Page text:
GhostShield ® Concrete Sealers & Densifiers

How to Remove Efflorescence From Concrete

Published Friday 22nd of November 2013 // Updated Tuesday 28th of February 2017

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Efflorescence is a crystalline deposit of excess salts that travel with moisture to the surface of concrete. It is whitish in appearance and is naturally occurring in all concrete. Water must be present to carry and move the salts to the surface, once the water evaporates a white hazy substance is left on the surface; this is efflorescence. The denser the concrete, the more difficult it is for salts to travel through the concrete. By sealing with a penetrating concrete sealer, concrete is hardened up to 45% and efflorescence is eliminated. Since humidity can affect efflorescence, it has been shown that it can be a seasonal problem with efflorescence being most common during rainy seasons. Common causes of efflorescence include the movement of groundwater; since hydrostatic pressure can force water and salts to move to the surface. Bricks are also common surfaces that have problems with efflorescence and the combination of a brick and a certain type of mortar may result in increased salt deposits.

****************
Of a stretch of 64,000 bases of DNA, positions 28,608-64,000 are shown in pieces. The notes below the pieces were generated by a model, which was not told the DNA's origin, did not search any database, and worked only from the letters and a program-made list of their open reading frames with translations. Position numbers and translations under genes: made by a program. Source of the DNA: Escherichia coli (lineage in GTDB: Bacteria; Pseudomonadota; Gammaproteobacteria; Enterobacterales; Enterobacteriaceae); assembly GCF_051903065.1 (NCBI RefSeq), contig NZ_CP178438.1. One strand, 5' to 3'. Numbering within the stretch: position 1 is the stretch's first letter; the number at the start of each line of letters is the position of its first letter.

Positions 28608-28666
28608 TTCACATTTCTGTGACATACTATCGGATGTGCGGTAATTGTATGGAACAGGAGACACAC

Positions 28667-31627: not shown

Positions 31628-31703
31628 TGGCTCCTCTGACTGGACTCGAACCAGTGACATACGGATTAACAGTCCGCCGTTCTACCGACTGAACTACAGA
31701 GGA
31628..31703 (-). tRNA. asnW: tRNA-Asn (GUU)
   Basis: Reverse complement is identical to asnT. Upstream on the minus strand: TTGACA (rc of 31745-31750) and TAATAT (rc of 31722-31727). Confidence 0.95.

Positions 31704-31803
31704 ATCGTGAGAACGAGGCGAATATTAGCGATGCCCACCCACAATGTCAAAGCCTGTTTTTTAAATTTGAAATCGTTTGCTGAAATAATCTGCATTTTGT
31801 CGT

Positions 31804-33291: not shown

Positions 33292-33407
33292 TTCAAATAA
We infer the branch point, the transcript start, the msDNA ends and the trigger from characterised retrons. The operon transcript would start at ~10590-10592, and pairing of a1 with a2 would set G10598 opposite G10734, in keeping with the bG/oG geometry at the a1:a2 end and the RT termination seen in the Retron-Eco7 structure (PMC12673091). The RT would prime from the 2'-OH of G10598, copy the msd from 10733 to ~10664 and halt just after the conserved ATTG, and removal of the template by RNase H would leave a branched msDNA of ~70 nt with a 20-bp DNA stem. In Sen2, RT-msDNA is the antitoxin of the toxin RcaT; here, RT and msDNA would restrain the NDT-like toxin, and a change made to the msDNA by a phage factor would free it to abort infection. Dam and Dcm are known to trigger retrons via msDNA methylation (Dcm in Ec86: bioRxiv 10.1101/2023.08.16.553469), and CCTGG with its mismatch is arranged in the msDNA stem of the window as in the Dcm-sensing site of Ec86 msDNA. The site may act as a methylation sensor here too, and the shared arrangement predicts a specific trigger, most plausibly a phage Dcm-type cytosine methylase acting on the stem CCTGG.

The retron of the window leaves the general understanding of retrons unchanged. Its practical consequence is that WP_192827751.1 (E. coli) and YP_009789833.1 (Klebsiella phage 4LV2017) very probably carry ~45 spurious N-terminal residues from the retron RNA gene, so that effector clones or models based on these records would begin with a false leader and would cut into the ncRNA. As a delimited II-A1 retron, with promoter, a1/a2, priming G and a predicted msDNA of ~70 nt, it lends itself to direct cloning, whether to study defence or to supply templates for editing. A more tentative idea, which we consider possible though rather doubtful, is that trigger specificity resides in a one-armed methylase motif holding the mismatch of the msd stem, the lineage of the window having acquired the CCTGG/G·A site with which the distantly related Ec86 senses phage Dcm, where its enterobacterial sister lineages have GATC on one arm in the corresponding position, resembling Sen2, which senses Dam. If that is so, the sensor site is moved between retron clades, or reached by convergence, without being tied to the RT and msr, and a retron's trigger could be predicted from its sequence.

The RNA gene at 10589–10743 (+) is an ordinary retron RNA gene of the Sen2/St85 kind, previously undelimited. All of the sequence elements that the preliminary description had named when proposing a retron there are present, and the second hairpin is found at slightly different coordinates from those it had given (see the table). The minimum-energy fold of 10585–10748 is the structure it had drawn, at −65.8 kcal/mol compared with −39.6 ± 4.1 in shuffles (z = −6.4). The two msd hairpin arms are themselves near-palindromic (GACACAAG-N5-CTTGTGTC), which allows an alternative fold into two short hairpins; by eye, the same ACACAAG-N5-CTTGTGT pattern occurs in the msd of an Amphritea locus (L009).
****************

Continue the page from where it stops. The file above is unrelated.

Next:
Efflorescence must be removed before applying a penetrating sealer. To remove efflorescence before applying a sealer we first recommend scrubbing the surface with a wire brush and water. If that does not work we recommend acid removal. Acid removal includes using Hydro-Etch 1000 on the efflorescence. (Please note Hydro-Etch 1000 must be diluted before use. Read all label instructions before application and wear the proper safety gear when applying.) After etching, the concrete needs to be rinsed with water and neutralized with baking soda or household ammonia.